Shrinking discussion

"Shrinking discussion" Continued...

Issue: "New faces of New Orleans," Aug. 15, 2009

Q: Were you criticized on the basis of science, or were the attacks ad hominem, personal?

Almost completely ad hominem. An objective scientific debate would without question be overwhelmingly won by those who say that homosexuality is primarily environmentally determined.

Q: People with long experience working with patients know this, right?

Some do, but the knowledge is being lost. When it was considered kosher to treat homosexuality as a changeable condition, homosexuality was treated as potentially reversible. Not universally reversible-there's no such thing as 100 percent success in any kind of therapy-but a very significant success rate. Then it became increasingly politically incorrect to hold that point of view. We like to think of professionals as a cut above the man on the street in terms of their fiduciary responsibility and independence of thought, but sadly it's often the opposite. Professionals tend to be on average very influenced by social trends and fashions, especially if those fashions influence their ability to continue practicing and be a respected member of the community.

Q: We saw, with Proposition 8 in California, how people who made even a $100 contribution came under attack. So psychiatrists know that if they say what they think is true, they'll be harassed and attacked?

Yes. Activists have gone after professionals, particularly if they're relatively isolated, trying to suppress their freedom to speak or even to treat them. In the psychological professional associations, we have a number of times been within a hair's breadth of the associations making it an ethical violation for a therapist to help an individual change his sexuality, even if it's what the patient wants. (It has long been held in the psychotherapeutic professions that self-determination is a primary virtue, and you must respect what the patient wants. If you feel you can't do it or you don't want to help, that's fine, you recuse yourself, but you don't impose your point of view on the patient.)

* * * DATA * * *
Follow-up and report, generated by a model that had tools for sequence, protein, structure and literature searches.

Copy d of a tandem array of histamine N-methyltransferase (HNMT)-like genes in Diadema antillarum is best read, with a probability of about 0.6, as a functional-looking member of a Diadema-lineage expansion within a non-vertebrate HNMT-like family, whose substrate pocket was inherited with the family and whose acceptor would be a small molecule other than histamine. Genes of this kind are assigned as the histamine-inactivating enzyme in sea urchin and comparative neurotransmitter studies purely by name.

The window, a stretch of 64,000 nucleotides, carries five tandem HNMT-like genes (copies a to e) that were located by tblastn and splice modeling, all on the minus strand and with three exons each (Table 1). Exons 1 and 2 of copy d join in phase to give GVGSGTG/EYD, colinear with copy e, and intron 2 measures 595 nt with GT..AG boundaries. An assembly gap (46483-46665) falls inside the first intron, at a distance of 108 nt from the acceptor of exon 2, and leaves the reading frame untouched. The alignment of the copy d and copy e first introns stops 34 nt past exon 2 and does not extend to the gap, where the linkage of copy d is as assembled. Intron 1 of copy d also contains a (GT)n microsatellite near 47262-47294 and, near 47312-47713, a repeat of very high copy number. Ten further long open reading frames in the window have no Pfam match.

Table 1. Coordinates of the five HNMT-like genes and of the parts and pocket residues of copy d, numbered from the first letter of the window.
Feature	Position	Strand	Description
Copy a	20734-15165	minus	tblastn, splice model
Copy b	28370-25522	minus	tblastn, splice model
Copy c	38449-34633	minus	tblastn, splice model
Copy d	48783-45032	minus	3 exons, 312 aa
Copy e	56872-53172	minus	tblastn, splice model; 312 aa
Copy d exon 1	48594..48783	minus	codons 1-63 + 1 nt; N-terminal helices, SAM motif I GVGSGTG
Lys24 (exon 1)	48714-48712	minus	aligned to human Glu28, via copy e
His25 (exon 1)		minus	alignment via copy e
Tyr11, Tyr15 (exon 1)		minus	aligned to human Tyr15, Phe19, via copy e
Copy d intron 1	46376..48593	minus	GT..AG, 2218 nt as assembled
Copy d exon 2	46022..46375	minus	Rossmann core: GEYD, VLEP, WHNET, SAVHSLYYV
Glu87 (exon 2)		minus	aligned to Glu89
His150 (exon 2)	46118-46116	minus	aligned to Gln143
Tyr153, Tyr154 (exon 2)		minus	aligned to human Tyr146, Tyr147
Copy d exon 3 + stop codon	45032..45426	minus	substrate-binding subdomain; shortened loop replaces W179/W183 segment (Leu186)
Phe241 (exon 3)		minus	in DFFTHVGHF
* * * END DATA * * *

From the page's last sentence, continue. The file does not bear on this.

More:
Q: Would an ethical violation like that lead you to lose your license?

That's another step. An ethical violation might mean that you're excluded from participation in the professional society. If you feel you need the professional society-maybe for cost-effective malpractice insurance or other benefits, or it's just part of your identity-it's difficult for someone who isn't very independent to buck that trend. You have judges now depending on totally phony science, and nobody's out there calling these organizations to task. Other people know it, but they've been silenced.

Marvin Olasky
Marvin Olasky

Marvin is editor in chief of WORLD News Group and the author of more than 20 books, including The Tragedy of American Compassion. Follow Marvin on Twitter @MarvinOlasky.


You must be a WORLD member to post comments.

    Keep Reading


    Troubling ties

    Under the Clinton State Department, influence from big money…